Before going to college, I had four years of professional stage experience as an entertainer. Most of it was working with recording artists. My natural contacts were well disbursed throughout the recording, broadcast, acting and entertainment industries. As a college student, I could not travel as is required of a recording artists to make the significant money. Therefore, I resigned myself to becoming the unknown businessman behind the known entertainers and spent what time I could in the recording studios.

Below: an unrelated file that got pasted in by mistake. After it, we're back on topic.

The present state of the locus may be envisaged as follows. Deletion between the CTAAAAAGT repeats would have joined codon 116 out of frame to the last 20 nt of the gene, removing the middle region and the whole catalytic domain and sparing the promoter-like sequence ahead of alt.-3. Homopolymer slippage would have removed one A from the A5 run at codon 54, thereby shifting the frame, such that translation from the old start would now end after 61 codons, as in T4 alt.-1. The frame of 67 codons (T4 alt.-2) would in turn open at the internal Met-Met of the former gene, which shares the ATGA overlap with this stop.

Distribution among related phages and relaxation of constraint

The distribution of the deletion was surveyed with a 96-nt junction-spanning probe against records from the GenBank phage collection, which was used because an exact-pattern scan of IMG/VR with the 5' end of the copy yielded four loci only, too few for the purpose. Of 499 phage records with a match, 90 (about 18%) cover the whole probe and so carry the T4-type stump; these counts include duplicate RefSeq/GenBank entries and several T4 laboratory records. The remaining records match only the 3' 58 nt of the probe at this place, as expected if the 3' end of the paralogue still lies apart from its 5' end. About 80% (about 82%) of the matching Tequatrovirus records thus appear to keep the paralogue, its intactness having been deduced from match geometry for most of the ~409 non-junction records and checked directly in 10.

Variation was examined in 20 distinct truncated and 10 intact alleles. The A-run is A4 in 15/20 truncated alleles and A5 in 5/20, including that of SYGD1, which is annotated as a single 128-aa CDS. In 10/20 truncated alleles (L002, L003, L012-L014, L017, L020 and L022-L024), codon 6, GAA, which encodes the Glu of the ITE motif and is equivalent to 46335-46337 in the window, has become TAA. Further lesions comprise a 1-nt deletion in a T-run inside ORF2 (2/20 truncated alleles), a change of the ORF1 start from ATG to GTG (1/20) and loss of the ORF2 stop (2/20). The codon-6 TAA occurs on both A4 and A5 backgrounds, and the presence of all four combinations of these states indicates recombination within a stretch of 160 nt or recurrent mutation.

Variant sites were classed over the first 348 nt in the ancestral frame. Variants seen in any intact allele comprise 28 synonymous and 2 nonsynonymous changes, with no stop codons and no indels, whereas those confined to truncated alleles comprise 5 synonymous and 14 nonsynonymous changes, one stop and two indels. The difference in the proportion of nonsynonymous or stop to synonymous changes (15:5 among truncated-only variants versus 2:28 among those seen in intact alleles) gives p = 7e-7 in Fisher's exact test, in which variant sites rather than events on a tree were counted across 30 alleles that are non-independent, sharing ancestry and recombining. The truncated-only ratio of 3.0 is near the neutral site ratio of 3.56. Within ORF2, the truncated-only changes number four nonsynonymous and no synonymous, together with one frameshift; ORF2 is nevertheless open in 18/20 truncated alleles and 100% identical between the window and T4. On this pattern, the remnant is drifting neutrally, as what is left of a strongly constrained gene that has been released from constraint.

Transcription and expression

I started a company (American Artists Enterprises) with an office in Tuscaloosa, Alabama, where I was in college, and New York, which at that time (1963) enjoyed significantly more power in the entertainment industry than it does today. With that setup, I had access to the recording, broadcast, publishing, commercial production, and theater industries. At that time Alabama and Tennessee probably accounted for nearly 60% of all the music recording business in the world and, my estimate is that 80% of all profitable music recording revenues were controlled from within 300-400 miles of Tuscaloosa. (My original plan was to move it all to central Florida later. Walt Disney got there first.) My product offerings were booking contracts, recording contracts, and personal artist management. Within a year I recognized an untapped market to provide entertainment for shopping centers and malls. That business developed very quickly. There were 542 shopping centers and malls that did business with me.